As I started the second third I noticed a pleasing caramel-like sweetness to the finish. The spice had mellowed a tad but was still present. The cigar offered a nice balance of salt and sweet on the lips and the cigar was primarily woodsy and earthy. The cigar’s flavor profile continued to surprise with occasional hints of sweet fruity oak, mild earth tones, some leather, cocoa and unsweetened coffee flavors dancing around my palate. The finish was sweeter and had just enough spice. At times I had to take two or three consecutive puffs to get a good mouthful of smoke simply because of the firm draw. I don’t like doing that though as it has a tendency to warm up the cigar hotter than it should, leading to bitterness and an unpleasant hot smoke. While this was a minor issue, it was a notable one nonetheless.
The smoke, while thick, did not have as creamy a texture to it as I had anticipated. Instead it was a ‘dryer smoke’ with very little in the way of texture or palate residue to it but it did offer up some occasional pleasing hints of caramel. The cigar offered up some bold flavors that at the same time remained subtle with no one flavor overpowering the cigar. It was a very pleasing blend. The aged tobacco definitely helped in this regard.
As I passed the halfway mark a touch of bitterness was noted. Hints of dark unsweetened chocolate and roasted unsweetened espresso came through. The spice at this point became much milder. The flavors morphed into more natural tobacco with more earthy notes dominating the cigar and the palate. There was still a touch of salt on the front of the palate that balanced the earthier, less sweeter tone that the cigar took on.
The cigar continued to surprise with subtle but noticeable flavor changes yet again as I worked my way towards the final third towards the band. The aforementioned bitterness subsided and the cigar became sweeter again with hints of fruity oak, cedar, caramel and sweeter cocoa along with the underlying earthy and leather notes. The heat at this point was more of a familiar black pepper spice.
This J. Fuego Connoisseur should be smoked after a full meal. It definitely has some strength to it.
The flavors became significantly more muted as I neared the band with the cigar almost instantly morphing into a bitter plain tobacco smoke. Maybe it was the cigar’s cue that it wanted to be put down. I was unable to knuckle burn this cigar as the cigar became quite bitter and harsh rather quickly. With approximately 1.5 inches left and well over an hour into the smoke I laid it to rest so as not to let it ruin my experience. By the end it was mainly an earthy grassy cigar with some very mild bitterness and leather notes. The sweeter oak and occasional cedar notes had long since disappeared but I did pick up some faint toasted nuttiness with some lingering black pepper spice.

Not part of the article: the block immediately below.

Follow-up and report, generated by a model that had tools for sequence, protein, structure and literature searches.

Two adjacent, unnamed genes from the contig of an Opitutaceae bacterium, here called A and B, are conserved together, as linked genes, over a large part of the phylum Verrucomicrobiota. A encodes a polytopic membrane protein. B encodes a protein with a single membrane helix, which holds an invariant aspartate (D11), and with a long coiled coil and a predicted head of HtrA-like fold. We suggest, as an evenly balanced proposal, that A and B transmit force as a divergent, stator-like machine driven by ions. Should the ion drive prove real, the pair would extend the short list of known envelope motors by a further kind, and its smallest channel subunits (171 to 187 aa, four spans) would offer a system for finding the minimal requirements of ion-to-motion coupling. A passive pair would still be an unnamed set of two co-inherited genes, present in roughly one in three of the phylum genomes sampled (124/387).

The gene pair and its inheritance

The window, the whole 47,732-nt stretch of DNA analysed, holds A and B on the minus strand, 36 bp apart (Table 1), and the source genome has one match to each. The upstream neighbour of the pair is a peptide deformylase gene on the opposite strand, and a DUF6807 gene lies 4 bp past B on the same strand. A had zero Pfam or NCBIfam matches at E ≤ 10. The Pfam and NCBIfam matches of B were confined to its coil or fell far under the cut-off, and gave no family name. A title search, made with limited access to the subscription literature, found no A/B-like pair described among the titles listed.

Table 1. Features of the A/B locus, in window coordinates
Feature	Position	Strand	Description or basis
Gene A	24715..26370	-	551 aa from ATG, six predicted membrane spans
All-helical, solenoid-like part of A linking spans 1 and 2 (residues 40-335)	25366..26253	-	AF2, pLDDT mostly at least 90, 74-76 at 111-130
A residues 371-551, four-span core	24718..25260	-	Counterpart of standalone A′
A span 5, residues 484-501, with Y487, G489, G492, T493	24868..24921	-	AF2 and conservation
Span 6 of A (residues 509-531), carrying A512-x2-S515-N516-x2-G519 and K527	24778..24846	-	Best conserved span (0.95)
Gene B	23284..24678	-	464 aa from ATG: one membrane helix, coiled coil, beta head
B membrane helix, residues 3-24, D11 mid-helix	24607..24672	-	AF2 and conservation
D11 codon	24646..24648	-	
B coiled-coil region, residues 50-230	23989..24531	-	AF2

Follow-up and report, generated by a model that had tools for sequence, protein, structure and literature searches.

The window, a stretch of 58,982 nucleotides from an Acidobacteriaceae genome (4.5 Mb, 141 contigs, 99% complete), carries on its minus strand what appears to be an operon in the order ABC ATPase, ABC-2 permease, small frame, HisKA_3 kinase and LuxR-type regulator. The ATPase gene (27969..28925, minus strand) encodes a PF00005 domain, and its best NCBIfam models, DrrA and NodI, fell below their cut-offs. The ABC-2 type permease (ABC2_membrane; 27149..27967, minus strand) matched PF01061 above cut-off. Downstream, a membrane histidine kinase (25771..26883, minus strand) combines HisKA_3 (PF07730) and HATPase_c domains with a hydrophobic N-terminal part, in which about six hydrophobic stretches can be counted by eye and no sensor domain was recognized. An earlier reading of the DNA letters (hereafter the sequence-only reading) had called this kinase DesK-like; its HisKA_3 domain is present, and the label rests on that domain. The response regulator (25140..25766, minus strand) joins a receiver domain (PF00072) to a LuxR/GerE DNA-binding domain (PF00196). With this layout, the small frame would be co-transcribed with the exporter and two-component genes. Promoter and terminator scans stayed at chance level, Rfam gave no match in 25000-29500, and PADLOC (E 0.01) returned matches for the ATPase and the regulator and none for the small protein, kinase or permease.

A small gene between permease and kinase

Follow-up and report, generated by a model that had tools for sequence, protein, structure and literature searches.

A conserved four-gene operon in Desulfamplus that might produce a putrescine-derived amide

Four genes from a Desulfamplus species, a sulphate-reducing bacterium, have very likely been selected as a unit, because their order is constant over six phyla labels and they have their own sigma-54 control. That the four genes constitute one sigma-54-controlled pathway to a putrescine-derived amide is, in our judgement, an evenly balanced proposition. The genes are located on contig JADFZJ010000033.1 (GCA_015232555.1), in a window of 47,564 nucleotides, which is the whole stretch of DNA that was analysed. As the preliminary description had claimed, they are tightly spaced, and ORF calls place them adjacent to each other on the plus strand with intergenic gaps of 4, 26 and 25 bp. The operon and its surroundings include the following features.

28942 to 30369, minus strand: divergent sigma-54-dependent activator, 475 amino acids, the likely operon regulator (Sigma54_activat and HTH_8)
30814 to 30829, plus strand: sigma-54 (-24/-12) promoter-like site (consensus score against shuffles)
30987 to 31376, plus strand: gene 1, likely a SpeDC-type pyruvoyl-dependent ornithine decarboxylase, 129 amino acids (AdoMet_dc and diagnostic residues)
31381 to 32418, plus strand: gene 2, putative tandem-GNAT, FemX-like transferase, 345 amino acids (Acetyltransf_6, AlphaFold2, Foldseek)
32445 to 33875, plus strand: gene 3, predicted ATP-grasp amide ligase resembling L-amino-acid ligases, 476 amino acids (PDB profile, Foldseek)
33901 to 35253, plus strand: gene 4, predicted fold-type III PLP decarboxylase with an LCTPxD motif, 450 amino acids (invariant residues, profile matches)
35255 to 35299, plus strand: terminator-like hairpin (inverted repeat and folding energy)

Overall a flavor score of 4 is well above average and warrants purchasing a few more. A little more age in my humidor should do it wonders.
For $10.00 MSRP and actual cost paid, you get a very good cigar that will last for approximately 90 minutes. They ship in singles or boxes of 12 and the boxes can be had for $108.00 bringing the cost of the cigar down to $9.00 per cigar. Admittedly, finding them might be a bit difficult given my experience with smaller boutique labels but you would do yourself well to seek them out because they are a very enjoyable cigar and will give many of the better marketed cigars a run for their money at a slightly more competitive price. Certainly the company has tried to keep the cigar priced competitively by introducing pretty plain packaging and foregoing all the glitz and gimmicks.
Overall Rating : (4.25)
For the most part, the cigar was a pleasure. It had everything a cigar smoker wants. Thick clouds of smoke, an exceptional burn and many nice flavor changes. It was certainly complex, full bodied and medium to full strength. I will review one of the other sizes in the near future to see if the size affects the flavor.
The J. Fuego Connoisseur Grand Robusto has made it to my shopping list. I would highly recommend this cigar. It looks like master grower and blender Jesus Fuego got this one right. He’s gained a new fan.